In most weeks, any of the top 3, maybe top 4 songs on this list could have made a valid claim for the No. 1 spot. But the song that did take home the gold did so with authority: “Rap song of 2014 thus far, easily,” says Tom. So what made the list, what didn’t, and where did everyone place? Read on.
Fear Of Men are tricky. The UK group certainly brings to mind the shoegaze and dream-pop bands of the past, but their sound has a crispness that’s anything but dreamlike. There’s a waking energy to the band, in the way their guitars cut, the drums snap, and most of all, their gorgeous, clear vocals, which bring to mind the late and dearly missed Trish Keenan of Broadcast. Fear Of Men establish this immediately with the vocal clarity of “Alta,” before seamlessly bursting into the breathy melodic rush that makes up the first minute of “Waterfall,” only to pull it back into the minimal nearly a cappella section that brings a romantic lyrical directness, too: “Trust in me completely/ show me there’s no world outside our own.” It’s a risky, heartfelt sentiment laid bare, unobscured by distortion or pedals or anything that might lessen the impact. And it’s a breakthrough for a new band that has only gotten more promising. –Miles
It begins with a heartbeat rumble with just the right amount of buzz. Just slow enough to keep things cool, just enough to set the pace. That beat stays consistent through Kelela’s new stunner — the most recent in a long line of them that culminated with her incredible mixtape last year. It’s a sex jam, but one that only goes as far as kisses on the neck and hands on the waist. “The High” is all prelude and anticipation, overwhelmingly minimal but blessed with a singer confident enough to hold your attention for its luxurious six minutes. Hell — it could have been twice that and still made this list. It’s the perfect evocation of that moment when you just get back home with someone and you both know there’s no need to rush anything — you have all night, after all. –Miles
Musically, “Prince Johnny” is probably about as straightforward as St. Vincent gets — a trip-hop torch song with a subdued arrangement and a somber melody that builds to breathtaking heights. But Annie Clark’s unique talents make the thing a straight stunner. First, those lyrics: elliptical, haunting, a mysterious and mournful narrative dotted with striking details (“You traced the Andes with your index/ And bragged when and where and who you’re gonna bed next”). Then, that goddamn voice; Clarke sways gently in her middle register and gains power as she slowly scales heavenward. When she hits that fluttery falsetto on the chorus, the entire tone of the song changes — it cracks wide open and spills outward, and behind her narrator’s hardened, hard-bitten sadness, Clark finds something much rarer and harder to capture, something that sounds, for a glowing moment, like hope. –Michael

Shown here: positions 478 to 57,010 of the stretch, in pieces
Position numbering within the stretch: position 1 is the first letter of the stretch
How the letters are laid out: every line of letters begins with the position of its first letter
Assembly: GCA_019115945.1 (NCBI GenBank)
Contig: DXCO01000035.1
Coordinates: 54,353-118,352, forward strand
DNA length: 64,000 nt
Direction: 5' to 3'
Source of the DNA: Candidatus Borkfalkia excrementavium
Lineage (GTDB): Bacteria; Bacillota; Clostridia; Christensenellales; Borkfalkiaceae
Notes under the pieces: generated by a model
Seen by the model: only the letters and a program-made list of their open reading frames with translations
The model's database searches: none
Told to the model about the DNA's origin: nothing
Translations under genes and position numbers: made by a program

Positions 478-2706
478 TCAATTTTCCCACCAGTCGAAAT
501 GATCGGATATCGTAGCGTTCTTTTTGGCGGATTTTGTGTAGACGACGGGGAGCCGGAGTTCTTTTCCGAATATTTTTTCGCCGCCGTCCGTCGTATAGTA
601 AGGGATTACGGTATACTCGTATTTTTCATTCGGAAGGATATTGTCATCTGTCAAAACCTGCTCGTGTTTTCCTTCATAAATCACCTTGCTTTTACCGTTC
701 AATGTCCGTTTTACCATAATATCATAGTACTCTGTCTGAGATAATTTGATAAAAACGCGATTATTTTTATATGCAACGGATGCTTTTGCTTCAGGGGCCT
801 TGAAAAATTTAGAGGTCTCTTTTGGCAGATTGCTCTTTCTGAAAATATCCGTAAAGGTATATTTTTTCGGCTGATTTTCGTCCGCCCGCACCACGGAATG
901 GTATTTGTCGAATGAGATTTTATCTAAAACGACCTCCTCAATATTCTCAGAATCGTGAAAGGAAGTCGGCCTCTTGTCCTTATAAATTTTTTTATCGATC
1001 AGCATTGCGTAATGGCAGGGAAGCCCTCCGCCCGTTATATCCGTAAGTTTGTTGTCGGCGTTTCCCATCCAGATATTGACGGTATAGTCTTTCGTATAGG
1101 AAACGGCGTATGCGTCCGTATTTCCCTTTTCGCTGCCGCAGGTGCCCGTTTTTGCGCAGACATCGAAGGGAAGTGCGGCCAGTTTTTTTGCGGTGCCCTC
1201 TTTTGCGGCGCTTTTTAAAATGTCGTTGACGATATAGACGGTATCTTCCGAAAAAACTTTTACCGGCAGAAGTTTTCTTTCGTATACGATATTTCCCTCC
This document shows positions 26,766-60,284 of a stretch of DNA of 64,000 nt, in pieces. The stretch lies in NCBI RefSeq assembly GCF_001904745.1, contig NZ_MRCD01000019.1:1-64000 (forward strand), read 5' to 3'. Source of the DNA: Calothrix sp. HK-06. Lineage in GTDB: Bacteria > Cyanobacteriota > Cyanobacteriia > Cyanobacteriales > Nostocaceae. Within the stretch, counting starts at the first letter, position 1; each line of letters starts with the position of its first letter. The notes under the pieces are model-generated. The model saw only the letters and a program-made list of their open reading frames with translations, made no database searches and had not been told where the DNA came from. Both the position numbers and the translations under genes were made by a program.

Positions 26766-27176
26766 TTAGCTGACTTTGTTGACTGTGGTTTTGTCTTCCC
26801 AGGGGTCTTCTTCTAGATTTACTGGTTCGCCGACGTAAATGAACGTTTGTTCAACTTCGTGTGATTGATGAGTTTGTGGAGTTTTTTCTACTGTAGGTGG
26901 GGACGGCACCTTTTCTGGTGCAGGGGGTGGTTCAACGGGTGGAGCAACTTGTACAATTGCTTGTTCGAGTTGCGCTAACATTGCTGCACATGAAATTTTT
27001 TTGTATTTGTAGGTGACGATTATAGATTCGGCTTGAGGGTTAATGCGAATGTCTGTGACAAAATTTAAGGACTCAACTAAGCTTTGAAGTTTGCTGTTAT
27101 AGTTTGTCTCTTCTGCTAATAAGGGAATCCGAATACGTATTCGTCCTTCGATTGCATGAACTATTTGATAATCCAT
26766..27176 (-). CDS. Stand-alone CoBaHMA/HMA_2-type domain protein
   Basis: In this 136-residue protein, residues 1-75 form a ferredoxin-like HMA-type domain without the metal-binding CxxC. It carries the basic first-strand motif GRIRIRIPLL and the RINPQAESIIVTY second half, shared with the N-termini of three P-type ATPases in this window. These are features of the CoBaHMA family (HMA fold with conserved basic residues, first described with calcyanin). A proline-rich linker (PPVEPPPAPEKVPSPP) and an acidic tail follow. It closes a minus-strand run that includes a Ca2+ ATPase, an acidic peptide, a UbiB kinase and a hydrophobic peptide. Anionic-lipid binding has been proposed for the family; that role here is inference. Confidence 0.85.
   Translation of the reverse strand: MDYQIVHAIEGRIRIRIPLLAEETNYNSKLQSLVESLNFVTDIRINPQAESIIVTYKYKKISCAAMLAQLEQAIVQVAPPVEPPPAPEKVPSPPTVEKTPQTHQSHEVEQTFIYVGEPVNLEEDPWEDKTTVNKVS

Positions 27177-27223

Beck is two decades deep into a career full of amazing songs, but has he ever written one that builds like this? The strings and drums and bells and psych-flare guitars pile on and pile on until the surging orchestral crescendo, the sort of thing that would’ve done Ladies And Gentlemen-era Spiritualized proud, before the sudden scrape of an amp unplugging ends it all. Those cinematic effects all work in service of a simple song about seeing a sunrise and feeling a memory dropping away from you, and the lush instrumentation never overwhelms the simplicity of the feeling or the melody. It’s a soft, bummed, knowing song, but it’s put together with the sort of smooth assurance that announces Beck as an old master, not just a survivor. “Waking Light” is the last song on the forthcoming album Morning Phase, and it’s as grand a finale as an album could possibly want. –Tom
Future, putting the singing aside and keeping his couplets hard and percussive: “Beating that china, Kunta Kinte / Whipping and whipping that dope, drinking on syrup and rolling up haze.” Pusha, haughty and imperious: “Whoo! Fishscale in the two-door that I fishtail / Fiberglass, Ferrari leather, in designer shit that I misspell.” Pharrell, dizzily triple-timing and high-stepping his way through the single best rap verse of his entire career: “The Gandalf hat and the weird-ass clothes / That’s Commes Des Garcons and the Buffalo.” Future’s brother Casino, grabbing his biggest spotlight ever and huffing harder than anyone else: “COCAINE, GRAAAH!” (I’m paraphrasing there.) Mike Will Made It’s beat: “I AM COMING TO YOUR HOUSE TO MURDER YOU WITH FUTURISTIC ALIEN TECHNOLOGY WHILE I WHISPER THE HOOK TO SALT-N-PEPA’S “PUSH IT” IN YOUR EAR.” Rap song of 2014 thus far, easily. –Tom